RICE is a food staple for more than half the world’s population but a by-product of this humble grain also has myriad benefits.
Mention rice to most people and the first thing they’ll think of is Asian food. A grain belonging to the grass family, rice is consumed by billions of people across the globe, and in many countries it is a staple.
Although rice is one of the few foods in the world that is entirely non-allergenic and gluten-free, it has little nutritional value. Ironically, however, it’s also the end result of a process that produces a by-product which is packed with benefits for both health and beauty.
After it’s harvested, rice goes through a milling process, during which the hull and various bran layers of kernel are removed. After this process, the rice is polished, giving the resulting seed a bright, white coating.
The discarded layers of rice bran may account for only around eight per cent of the harvested weight of the rice, but they contain more than two-thirds of its nutrition. It’s this stuff that’s a storehouse of super-nutrients.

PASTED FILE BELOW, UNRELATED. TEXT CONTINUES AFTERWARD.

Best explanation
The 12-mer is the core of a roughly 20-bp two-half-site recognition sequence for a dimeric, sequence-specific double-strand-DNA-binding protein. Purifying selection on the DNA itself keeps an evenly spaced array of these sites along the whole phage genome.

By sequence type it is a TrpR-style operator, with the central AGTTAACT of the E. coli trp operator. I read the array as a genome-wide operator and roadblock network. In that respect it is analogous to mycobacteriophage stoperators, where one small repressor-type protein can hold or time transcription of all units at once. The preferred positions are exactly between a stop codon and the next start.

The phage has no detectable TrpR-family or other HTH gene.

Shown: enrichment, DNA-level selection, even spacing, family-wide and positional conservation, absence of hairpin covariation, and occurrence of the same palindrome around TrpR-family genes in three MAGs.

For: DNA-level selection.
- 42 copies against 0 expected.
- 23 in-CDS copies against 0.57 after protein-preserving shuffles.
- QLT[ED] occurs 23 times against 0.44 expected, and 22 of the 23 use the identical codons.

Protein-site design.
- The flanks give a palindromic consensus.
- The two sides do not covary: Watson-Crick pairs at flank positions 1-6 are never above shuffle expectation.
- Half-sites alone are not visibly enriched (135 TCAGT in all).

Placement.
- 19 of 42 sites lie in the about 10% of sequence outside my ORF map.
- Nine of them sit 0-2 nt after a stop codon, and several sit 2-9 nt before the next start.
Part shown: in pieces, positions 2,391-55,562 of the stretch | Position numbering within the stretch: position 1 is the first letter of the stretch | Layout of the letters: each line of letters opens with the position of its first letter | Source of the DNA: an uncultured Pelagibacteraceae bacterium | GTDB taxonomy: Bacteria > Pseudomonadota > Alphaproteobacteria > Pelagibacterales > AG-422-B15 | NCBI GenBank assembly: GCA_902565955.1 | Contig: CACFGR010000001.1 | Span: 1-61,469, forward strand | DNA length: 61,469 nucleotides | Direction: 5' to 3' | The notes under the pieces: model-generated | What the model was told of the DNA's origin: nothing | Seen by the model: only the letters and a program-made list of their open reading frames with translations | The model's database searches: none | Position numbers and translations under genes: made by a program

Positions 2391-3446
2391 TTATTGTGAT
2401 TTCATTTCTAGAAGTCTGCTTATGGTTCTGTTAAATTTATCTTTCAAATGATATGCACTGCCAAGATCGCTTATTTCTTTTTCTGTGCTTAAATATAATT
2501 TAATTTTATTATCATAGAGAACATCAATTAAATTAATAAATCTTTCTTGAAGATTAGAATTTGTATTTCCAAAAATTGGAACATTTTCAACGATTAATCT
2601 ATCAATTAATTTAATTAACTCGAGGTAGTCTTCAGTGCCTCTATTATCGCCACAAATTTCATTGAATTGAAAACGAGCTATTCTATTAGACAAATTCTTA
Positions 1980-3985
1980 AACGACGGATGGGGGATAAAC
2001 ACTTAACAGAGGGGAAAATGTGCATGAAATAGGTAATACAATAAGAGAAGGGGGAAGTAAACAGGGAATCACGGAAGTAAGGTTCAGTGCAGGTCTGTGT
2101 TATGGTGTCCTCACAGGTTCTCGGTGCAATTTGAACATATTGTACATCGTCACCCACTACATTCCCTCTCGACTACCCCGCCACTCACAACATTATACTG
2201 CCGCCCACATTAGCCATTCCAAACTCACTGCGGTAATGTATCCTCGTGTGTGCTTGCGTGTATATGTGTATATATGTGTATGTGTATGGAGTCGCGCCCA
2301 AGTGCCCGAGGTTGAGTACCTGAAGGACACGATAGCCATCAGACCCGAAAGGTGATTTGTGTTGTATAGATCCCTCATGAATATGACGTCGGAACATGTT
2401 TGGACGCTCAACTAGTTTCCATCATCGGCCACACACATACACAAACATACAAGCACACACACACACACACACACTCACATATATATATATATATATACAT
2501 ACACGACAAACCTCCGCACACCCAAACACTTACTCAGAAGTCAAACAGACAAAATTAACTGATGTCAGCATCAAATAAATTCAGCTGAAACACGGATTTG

Inside and out
Sue Shepherd, an accredited dietitian and author of Gluten Free Cooking (Penguin), says, “Rice bran contains many health-promoting nutrients.
They include high-quality protein, a complete profile of essential amino acids, omega 3 and 6 fatty acids, and more than 100 antioxidants.”
Health benefits include cardiovascular and digestive tract protection, blood sugar regulation, liver function support, diabetes management and cholesterol reduction.
Rice bran is also an excellent source of dietary fibre, which helps to keep bowels healthy.
“Total dietary fibre makes up 29 per cent of rice bran, of which the main type is insoluble fibre – fibre that doesn’t absorb water,” Shepherd explains.
Insoluble fibre has water-attracting properties that help to increase bulk, soften stools and shorten transit time through your intestines, while soluble fibre is processed through fermentation in the body.
“Some people experience abdominal discomfort if they consume a large amount of soluble fibre as it can be broken down to produce gas and distension in the gut,” Shepherd says.
“But rice bran fibre does not have this effect, and has been shown to improve bowel function and promote healthy bacteria in the colon.”
Excerpt from an article by Joanna Hall in Sunday Telegraph, body+soul
March 02, 2008 12:00am